Ours is an old house in the heart of a midwestern American city. This is where we daily breathe (not always in mindfulness), where we daily walk, where we daily sit. This is where our practice starts in the morning and ends at night. We do not always practice well, we don’t always remember we’re practicing. But this is the space where our mindfulness over years has grown. And as we quiet and settle, our house quiets and settles with us.
The kitchen reminds us we are home, and I love to stand in its silence. There are two windows in the kitchen–one above the sink looking over the back yard, one on the stairs that come down into the kitchen from the second floor. In the seasons when windows are open, you feel the breeze move with bare attention through the room. When I open the door in the back hall leading to the basement, and open the window on the landing, the breeze then moves differently. It comes together with fullness, entering from three directions. Inside and outside. In and out. Silence. Air.
Right now there are tomatoes on the windowsill from our younger son Tom’s garden. There has been little rain this year, and they have ripened unusually small, a lovely coral red. In the morning, when I’m making coffee, I watch our collie in the back yard through this window. He goes to the border of the garden and stands. Still. Then, after this pause, he walks around the edge of the garden fence (we put it up to keep him out), and makes his way in. Each day since they have ripened he goes to the tomato plants, slowly pulls a tomato off, then comes back out of the garden, sets the tomato on the ground, and begins to eat. He is a timid dog, and it is a surprise to see him be so bold.
And the dailiness of life here is just this: we stop more now, we see more slowly. My husband Jim notices a need, and answers it before anyone asks. Tom stops at the bell in passing, and invites it. I see the pleasure of a dog trespassing in a garden. The transformation is small and present. And it has changed our life.
No one has accused us yet of enlightenment. We still will argue. We still have days that start wrong and stay wrong, old hurts that get remembered and then nurtured. But this is the difference: we know more easily our way back now. Somewhere in old patterns of distance, we will be kind. Or stop and listen. We will decide out of love to understand, to open our heart just a little more, though instinct and pattern say to close it.
A presence, a sense, cannot help but change what surrounds it; I have seen that as a teacher. Being with children you learn how families nurture kinship, responsibility, and happiness. And also see how repeated disappointment and want in a family can turn to anger and despair. Each year some few children bring that anger to school, and you see how their anger affects other children, how it can change a room. It took me years of practice to understand this simple thing: mindfulness transforms not just the practitioner, but the place. If we all know that anger can suddenly change a room, change a space – doesn’t, too, love? Doesn’t, too, mindfulness?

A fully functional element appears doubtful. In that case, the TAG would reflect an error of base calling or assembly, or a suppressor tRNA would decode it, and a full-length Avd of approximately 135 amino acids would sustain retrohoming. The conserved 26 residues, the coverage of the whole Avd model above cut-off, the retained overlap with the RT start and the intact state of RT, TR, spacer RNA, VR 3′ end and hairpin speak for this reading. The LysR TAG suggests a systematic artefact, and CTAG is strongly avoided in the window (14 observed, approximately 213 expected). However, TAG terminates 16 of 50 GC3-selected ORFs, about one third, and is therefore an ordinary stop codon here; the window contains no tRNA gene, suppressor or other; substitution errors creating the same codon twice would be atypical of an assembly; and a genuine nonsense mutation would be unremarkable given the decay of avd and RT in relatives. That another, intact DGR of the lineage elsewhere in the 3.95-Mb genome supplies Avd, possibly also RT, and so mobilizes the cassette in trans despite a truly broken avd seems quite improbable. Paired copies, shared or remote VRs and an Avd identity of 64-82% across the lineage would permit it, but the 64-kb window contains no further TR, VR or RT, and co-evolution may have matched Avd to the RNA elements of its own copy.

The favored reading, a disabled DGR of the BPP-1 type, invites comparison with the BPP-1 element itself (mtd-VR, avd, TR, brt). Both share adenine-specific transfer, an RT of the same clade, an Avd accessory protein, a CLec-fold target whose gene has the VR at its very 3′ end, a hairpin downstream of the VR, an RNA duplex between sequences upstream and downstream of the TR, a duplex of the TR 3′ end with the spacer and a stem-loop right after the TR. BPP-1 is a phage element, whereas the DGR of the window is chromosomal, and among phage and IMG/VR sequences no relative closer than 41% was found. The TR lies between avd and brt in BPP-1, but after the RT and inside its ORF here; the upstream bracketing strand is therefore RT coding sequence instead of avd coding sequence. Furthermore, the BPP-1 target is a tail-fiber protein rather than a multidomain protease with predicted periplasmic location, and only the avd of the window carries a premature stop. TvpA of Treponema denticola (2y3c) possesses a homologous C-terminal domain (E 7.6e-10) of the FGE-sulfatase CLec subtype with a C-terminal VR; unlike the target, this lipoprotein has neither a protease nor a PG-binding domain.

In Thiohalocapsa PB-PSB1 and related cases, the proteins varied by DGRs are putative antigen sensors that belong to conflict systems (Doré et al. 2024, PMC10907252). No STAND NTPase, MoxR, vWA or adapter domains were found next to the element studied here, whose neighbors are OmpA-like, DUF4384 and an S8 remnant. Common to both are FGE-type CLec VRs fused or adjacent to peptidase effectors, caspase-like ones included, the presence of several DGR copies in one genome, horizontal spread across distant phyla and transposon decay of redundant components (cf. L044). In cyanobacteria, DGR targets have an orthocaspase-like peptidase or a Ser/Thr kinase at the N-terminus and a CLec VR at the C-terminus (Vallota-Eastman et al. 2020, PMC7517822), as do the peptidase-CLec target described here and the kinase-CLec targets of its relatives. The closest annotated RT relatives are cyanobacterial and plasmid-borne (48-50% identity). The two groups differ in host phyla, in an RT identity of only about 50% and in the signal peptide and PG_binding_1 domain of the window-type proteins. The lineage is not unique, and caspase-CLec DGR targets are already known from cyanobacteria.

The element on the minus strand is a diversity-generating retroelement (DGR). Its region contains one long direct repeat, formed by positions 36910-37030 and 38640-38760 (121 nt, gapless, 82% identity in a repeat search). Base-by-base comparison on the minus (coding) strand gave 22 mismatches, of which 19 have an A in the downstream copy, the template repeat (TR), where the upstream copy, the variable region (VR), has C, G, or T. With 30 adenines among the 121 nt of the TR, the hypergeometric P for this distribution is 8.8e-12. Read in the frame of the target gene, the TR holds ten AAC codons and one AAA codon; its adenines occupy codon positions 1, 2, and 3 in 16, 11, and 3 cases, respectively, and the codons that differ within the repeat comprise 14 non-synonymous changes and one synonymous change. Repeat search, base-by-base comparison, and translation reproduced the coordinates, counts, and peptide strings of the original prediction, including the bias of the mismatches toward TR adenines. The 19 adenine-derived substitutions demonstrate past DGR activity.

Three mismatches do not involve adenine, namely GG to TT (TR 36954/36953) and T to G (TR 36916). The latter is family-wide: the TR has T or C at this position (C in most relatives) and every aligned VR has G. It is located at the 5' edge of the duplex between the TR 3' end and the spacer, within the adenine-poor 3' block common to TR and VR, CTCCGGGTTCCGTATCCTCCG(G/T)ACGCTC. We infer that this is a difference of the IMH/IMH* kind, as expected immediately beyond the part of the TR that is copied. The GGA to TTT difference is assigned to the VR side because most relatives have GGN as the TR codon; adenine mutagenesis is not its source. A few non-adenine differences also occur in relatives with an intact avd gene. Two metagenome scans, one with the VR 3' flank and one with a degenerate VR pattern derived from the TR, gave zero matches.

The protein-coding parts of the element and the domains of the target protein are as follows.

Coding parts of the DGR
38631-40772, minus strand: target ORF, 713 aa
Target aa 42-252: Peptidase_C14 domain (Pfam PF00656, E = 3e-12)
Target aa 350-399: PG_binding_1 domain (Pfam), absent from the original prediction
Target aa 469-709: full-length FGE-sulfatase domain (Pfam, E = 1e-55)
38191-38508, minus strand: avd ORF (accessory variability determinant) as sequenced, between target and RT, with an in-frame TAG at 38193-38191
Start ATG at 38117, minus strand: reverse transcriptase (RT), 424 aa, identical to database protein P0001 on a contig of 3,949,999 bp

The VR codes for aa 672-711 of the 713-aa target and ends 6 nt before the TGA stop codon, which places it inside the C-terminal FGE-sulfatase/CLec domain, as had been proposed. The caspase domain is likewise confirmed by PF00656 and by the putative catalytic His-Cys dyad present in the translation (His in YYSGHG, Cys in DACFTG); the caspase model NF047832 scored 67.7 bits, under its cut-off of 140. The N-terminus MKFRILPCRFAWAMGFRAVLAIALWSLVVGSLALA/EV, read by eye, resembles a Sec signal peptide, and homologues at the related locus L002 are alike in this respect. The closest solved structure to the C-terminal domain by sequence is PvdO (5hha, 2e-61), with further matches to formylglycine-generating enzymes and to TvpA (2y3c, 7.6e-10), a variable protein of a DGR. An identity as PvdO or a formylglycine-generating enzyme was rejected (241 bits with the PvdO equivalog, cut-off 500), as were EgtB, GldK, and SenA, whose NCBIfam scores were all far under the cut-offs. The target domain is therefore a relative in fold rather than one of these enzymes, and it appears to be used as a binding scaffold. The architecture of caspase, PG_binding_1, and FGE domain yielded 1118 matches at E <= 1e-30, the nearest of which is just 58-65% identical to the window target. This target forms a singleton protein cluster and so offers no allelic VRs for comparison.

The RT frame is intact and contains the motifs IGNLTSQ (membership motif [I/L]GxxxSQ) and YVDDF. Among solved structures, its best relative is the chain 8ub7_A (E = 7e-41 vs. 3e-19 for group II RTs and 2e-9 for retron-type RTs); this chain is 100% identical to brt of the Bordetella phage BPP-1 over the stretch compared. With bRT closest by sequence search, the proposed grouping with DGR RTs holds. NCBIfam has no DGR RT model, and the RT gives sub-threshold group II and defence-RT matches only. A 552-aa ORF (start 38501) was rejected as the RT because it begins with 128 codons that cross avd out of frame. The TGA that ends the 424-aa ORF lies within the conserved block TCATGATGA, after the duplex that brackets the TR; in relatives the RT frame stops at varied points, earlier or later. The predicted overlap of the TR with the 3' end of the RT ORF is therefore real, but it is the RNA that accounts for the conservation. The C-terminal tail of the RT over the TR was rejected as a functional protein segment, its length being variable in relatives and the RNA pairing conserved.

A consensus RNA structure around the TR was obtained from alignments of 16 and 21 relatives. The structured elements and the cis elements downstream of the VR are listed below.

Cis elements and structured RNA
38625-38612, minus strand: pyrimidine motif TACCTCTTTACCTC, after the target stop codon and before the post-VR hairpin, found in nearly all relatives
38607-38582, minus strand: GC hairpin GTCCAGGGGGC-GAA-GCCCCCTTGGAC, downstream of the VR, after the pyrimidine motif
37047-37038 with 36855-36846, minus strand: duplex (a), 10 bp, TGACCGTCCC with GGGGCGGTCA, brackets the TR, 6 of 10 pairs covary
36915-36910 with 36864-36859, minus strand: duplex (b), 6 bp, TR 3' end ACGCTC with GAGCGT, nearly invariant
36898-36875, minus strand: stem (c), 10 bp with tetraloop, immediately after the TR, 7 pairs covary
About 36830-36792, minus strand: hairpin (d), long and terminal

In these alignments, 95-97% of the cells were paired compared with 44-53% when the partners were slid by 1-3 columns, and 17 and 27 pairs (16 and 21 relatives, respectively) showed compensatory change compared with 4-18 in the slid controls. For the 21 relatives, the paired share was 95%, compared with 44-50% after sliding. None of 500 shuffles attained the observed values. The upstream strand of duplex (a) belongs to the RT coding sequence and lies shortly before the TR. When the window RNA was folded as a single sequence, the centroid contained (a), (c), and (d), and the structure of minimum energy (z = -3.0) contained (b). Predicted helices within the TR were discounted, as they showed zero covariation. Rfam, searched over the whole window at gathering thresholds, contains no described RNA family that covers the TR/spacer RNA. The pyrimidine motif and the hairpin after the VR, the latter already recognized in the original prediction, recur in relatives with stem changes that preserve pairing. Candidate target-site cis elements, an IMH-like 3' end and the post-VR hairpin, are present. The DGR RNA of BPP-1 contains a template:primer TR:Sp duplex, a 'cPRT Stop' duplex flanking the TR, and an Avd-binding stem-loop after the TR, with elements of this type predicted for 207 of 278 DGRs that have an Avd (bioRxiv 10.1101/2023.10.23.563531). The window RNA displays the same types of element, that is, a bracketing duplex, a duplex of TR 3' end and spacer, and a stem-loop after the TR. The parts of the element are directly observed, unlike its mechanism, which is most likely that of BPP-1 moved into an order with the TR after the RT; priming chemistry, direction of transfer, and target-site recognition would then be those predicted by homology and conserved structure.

The practice entered our house twelve years ago with the breath. With that simple, surprising awareness of now. Now our practice has become home. There is emptiness to sense in the house, to quiet in. The awareness of our two older children, Nate and Nora, both grown, both gone to lives beyond this house, and yet always returning. Difficulty, sorrow, illness; celebration, joy, all have passed here, all have found their way, some staying, some surely to come again. But moments of peace, of mindfulness, have grown over years, and settled in the rooms, too. The breath sent out and brought in. Presence becoming. This is our home, where we are.
We are here, a family. The walking of daily life takes us from room to room, from cupboard to table, from book to bed. The sitting of daily life brings the family together at meals, gets bills paid, offers the refuge of a favorite chair. The breath of daily life, often unnoticed, is life itself. Walk. Sit. Breathe. This is where we know our path. Footsteps repeat. The movement of the house becomes known parts of our life. The practice settles in our hearts here.
Susan O’Leary, Deep Confidence of the Heart, is a teacher and writer living in Madison, Wisconsin and practicing with the Snowflower Sangha.